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PHYSICAL BENEFITS

The Physical benefits of marijuana are far-reaching, widespread, and long-term. Because of the way marijuana impacts the Autonomic Nervous System which expands the breath and relaxes the body, its potential for health and healing are enormous, and have been completely unrealized by Western Medicine.

PSYCHOLOGICAL BENEFITS

When we balance the Autonomic Nervous System, there is an effect on the mind that is both energizing and relaxing SIMULTANEOUSLY. In other words, we can think more clearly and more efficiently.

SPIRITUAL BENEFITS

That which enlivens is understood as the SPIRIT. In these times of secular values, when the life force is not recognized as being an expression of the holy, when in fact, the notion of a plane of existence beyond the material is not acknowledged, the search for meaning nevertheless perseveres.

Today, in these darkest of times, hundreds of millions who pursue the journey inward to the universal core values, find that marijuana facilitates the search. As a religious sacrament, intuitively recognized by all for whom the sacred beckons, marijuana has been employed for thousands of years, crossing all geographical and ethnic barriers. Marijuana not only balances the body, and enhances our mental processes, it can also help (some of) us to perceive the abiding reality by raising our consciousness.

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Through various studies conducted mostly outside the United States, marijuana has been proven to be beneficial to the management and/or resolution of more than 100 different ailments. While it’s not possible to list them all here, we’ve provided some of the most notable, common conditions, afflictions and diseases that marijuana has been proven to help.

Alzheimer’s disease – In 2006, the Scripps Research Institute in California discovered that delta-9-tetrahydrocannabinol (THC), the active ingredient in marijuana, can prevent an enzyme called acetylcholinesterase from accelerating the formation of “Alzheimer’s plaques” in the brain, as well as protein clumps that can inhibit cognition and memory, more effectively than commercially marketed drugs.

Epilepsy – A study performed by researchers at Virginia Commonwealth University discovered that ingredients found in natural marijuana “play a critical role in controlling spontaneous seizures in epilepsy.” Dr. Robert J. DeLorenzo, professor of neurology at the VCU School of Medicine, added that “Although marijuana is illegal in the United States, individuals both here and abroad report that marijuana has been therapeutic for them in the treatment of a variety of ailments, including epilepsy.”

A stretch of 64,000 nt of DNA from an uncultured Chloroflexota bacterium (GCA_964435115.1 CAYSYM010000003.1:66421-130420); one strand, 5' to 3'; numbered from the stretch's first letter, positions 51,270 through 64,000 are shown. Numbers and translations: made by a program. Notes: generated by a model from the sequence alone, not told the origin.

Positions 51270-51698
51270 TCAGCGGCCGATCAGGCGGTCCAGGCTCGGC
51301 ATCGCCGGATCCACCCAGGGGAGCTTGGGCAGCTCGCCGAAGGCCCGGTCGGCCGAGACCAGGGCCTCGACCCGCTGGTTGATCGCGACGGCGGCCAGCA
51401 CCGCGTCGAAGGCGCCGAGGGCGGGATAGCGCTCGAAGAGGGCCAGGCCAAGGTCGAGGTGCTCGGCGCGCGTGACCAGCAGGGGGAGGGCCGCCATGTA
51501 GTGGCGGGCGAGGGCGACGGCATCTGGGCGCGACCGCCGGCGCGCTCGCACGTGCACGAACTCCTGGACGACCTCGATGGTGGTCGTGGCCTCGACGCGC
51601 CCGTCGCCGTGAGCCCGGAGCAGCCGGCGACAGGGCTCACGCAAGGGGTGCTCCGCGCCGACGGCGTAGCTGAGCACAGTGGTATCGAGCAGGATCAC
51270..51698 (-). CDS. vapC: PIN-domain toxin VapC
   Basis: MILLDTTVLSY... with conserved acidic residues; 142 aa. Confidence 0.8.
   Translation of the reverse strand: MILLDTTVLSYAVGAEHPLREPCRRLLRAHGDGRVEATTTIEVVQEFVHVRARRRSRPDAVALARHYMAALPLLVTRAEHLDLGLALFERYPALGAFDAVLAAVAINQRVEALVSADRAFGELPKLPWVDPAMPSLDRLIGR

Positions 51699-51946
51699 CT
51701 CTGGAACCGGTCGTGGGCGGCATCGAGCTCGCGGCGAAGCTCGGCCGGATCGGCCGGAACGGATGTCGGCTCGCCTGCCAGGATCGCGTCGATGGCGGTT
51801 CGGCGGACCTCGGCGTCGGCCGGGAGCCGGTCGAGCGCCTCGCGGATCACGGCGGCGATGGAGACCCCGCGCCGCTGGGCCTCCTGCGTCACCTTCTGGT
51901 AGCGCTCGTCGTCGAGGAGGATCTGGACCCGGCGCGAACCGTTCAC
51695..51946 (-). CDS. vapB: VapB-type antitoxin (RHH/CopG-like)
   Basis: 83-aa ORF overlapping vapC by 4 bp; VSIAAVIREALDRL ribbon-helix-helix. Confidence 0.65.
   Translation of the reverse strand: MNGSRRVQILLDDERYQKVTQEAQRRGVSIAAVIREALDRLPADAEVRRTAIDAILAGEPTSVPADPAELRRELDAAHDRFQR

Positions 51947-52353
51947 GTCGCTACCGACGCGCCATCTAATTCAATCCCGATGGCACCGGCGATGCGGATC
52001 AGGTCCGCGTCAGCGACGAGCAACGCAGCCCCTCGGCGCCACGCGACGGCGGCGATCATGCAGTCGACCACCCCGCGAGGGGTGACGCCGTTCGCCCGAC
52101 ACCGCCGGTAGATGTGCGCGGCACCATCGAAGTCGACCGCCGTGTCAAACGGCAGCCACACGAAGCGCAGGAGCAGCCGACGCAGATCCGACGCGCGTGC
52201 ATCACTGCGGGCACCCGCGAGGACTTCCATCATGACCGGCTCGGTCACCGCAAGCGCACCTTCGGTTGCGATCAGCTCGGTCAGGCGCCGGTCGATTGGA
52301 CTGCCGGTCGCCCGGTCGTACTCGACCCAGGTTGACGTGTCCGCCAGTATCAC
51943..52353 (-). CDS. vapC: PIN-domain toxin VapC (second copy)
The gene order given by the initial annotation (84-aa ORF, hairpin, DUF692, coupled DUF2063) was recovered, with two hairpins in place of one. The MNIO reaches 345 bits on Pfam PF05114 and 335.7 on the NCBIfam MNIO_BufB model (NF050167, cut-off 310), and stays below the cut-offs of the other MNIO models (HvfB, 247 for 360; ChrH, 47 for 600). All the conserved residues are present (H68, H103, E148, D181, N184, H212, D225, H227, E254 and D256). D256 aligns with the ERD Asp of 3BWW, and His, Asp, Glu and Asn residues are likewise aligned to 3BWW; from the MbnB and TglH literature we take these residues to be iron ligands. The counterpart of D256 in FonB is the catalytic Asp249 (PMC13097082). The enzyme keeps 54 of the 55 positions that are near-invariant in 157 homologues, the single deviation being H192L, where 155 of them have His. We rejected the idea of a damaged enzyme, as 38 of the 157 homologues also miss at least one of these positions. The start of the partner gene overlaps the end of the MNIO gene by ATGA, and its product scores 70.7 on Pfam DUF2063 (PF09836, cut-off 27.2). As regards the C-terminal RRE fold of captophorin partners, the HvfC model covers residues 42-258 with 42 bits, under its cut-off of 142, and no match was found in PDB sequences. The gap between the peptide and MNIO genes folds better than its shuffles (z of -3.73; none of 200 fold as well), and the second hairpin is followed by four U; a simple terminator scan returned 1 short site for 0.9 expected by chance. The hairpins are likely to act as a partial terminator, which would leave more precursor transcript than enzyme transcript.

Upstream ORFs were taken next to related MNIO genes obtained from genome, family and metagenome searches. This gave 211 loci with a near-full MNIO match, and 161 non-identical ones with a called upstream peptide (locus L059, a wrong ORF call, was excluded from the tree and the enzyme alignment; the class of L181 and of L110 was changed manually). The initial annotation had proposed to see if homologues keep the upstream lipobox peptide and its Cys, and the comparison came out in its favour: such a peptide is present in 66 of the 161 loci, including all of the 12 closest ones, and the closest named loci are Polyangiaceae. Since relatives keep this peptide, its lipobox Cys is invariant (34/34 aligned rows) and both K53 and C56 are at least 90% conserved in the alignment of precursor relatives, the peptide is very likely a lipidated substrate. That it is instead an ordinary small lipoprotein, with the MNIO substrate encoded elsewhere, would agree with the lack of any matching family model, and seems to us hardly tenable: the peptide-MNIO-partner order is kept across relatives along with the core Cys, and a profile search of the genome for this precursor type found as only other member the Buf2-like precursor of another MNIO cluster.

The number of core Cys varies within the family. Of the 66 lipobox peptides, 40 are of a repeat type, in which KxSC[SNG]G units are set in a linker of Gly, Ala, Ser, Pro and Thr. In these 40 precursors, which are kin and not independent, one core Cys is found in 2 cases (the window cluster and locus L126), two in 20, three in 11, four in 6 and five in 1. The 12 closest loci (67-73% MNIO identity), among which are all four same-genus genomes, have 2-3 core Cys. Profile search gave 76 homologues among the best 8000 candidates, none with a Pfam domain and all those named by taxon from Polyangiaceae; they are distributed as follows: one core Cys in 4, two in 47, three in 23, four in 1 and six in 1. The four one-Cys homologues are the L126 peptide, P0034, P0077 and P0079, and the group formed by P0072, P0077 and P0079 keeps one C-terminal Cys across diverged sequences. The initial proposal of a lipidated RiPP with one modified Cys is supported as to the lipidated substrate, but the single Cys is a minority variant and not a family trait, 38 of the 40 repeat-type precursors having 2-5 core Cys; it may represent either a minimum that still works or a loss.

Multiple sclerosis – It’s long been believed that smoking pot helps MS patients, and a study published as recently as May provided yet another clinical trial as evidence of marijuana’s impact on multiple sclerosis patients with muscle spasticity. Even though the drug has been known to cause dizziness and fatigue in some users, most MS patients report marijuana not only helps ease the pain in their arms and legs when they painfully contract, but also helps them just “feel good.” How many prescription drugs can say their side effects include “happiness”?

Glaucoma – Since the 1970s, studies have called medical marijuana an effective treatment against glaucoma, one of the leading causes of blindness in the world. Researchers say marijuana helps reduce and relieve the intraocular pressure that causes optic nerve damage, but the proponents say it helps “reverse deterioration,” too.

Arthritis – Marijuana proves useful for many types of chronic pain conditions, but patients with rheumatoid arthritis report less pain, reduced inflammation and more sleep. However, this is not to say that arthritis patients should exchange their medication with pot; marijuana eases the pain, but it does nothing to ameliorate or curb the disease.

Depression – A study on addictive behaviors published by USC and SUNY Albany in 2005, whose 4,400 participants made it the largest investigation of marijuana and depression to date, found that “those who consume marijuana occasionally or even daily have lower levels of depressive symptoms than those who have never tried marijuana.” The study added that “weekly users had less depressed mood, more positive affect, and fewer somatic complaints than non-users.”

Anxiety – An article published in the April 2010 edition of the Harvard Mental Health Letter, “Medical marijuana and the mind,” said that while “many recreational users say that smoking marijuana calms them down, for others it has the opposite effect. … Studies report that about 20 to 30 percent of recreational users experience such problems after smoking marijuana.” The article did not mention which “studies” supported this fact, and most marijuana users would call this claim totally erroneous. Here’s a story from Patsy Eagan of Elle Magazine, who describes how she prefers marijuana to treat her anxiety over prescription drugs.

Hepatitis C – A 2006 study performed by researchers at the University of California at San Francisco found that marijuana helps improve the effectiveness of drug therapy for hepatitis C, an infection that roughly 3 million Americans contract each year. Hepatitis C medications often have severe side effects like loss of appetite, depression, nausea, muscle aches and extreme fatigue. Patients that smoked marijuana every day or two found that not only did they complete the therapy, but that the marijuana even made it more effective in achieving a “sustained virological response,” which is the gold standard in therapy, meaning there was no sign of the virus left in their bodies.